Mystery starter motor operation

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Mike E (uk)
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Mystery starter motor operation

Post by Mike E (uk) » Sun Feb 12, 2006 7:11 pm

Hi,

In the supermarket car park, the starter motor would not shut down after use. I was not turning the key to start.

It was spinning round, but not turning the engine.

I removed the ignition key, it still ran!

then I removed the wire that goes to the solonoid.
I did this in the loom, not at the solonoid , as it is hidden.

It still ran!

I had to remove the fat starter/alternator wire to stop it.

The two wires on the solonoid were not touching.

Bump started it, and drove home with it disconnected.

I have now removed the starter motor, and it works fine on its own.

I suspect the ignition/starter switch, but :

1. How did it spin without turning the motor over?
2. Why did it not stop when I disconnected the solonoid wire?

I can not fine anything wrong with the rest of the car, though the key switch may be intermittant - I have not detected this. The wiring to the solonoid is not stuck at +12V.

What is going on????

Mike

Stewart (oily!)
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Post by Stewart (oily!) » Sun Feb 12, 2006 7:25 pm

Sounds like something broken or sticking in the starter itself, once the solenoid has travelled its distance it makes contact and the motor turns, hopefully engaging with the flywheel, the contacts are permanently live so if the solenoid sticks or something is loose in there your symptoms might happen, try cleaning the pinion and spiral bit with some solvent and a paintbrush then replace it without lubrication, if it does it again a new starter is probably in order.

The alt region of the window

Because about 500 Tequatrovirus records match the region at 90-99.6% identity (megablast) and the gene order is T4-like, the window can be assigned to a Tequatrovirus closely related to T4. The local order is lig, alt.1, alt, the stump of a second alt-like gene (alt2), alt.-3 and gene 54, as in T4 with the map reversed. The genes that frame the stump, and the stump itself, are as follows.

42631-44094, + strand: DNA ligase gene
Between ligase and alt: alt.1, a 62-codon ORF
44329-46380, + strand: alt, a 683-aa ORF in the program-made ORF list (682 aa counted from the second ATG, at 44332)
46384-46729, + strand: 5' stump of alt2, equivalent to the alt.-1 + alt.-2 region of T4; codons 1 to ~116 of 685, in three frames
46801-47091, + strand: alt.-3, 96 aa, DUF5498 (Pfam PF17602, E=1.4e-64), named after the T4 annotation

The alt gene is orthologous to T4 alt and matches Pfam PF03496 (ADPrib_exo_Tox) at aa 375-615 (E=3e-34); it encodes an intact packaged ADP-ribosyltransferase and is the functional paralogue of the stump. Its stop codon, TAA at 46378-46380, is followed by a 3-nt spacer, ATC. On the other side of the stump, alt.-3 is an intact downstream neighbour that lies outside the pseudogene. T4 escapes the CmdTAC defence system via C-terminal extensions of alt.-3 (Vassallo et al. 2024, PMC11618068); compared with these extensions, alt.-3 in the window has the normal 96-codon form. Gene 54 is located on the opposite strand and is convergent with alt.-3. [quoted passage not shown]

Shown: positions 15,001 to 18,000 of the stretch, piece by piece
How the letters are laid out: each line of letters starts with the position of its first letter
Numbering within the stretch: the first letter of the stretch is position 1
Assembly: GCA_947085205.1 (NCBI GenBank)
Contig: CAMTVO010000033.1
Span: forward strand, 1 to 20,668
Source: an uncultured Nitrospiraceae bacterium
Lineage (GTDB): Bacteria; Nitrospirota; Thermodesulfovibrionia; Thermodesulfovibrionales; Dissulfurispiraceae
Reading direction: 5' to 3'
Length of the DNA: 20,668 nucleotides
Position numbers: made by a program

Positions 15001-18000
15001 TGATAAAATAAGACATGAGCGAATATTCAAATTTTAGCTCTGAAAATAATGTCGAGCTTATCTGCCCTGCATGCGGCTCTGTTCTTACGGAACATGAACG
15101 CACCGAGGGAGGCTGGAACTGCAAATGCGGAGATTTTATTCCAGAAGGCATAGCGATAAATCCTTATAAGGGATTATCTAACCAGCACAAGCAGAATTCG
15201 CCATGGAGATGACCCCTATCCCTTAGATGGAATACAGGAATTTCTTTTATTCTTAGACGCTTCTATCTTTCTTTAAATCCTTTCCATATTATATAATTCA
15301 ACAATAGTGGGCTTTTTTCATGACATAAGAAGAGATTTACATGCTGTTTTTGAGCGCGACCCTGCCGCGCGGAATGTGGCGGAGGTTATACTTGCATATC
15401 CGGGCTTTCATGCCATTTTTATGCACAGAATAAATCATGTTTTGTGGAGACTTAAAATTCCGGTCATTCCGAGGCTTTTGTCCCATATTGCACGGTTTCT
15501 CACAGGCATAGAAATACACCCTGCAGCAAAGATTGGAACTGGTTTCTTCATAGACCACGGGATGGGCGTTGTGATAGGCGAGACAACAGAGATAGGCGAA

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Post by jeremy » Sun Feb 12, 2006 7:48 pm

I agree with Stewart. I've never had a Citroen starter to bits but on the old Lucas ones there used to be a switch in the top of it operated by the solenoid itself which would cut the current to the coil once it was engaged. If this switchgear (main switch or any other parts of it) are sticking the motor will continue to run when the feed current (from the switch) is turned off.

Can we assume that no other part of the wiring has been touched recently?

jeremy

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Vanny
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Post by Vanny » Sun Feb 12, 2006 8:39 pm

is this the same starter you've had nothing but trouble with even after prolonging the inevitable with relays etc?

It might be time to bite the bullet and just buy a new/fully remanned one!

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Post by AlanS » Sun Feb 12, 2006 9:22 pm

Sounds like the solenoid contacts were welded together.
Solenoids internally are usually just two big silver terminals that a copper plate attached to a solenoid plunger zaps across when it is energised from the starter switch/ignition switch when the key is turned.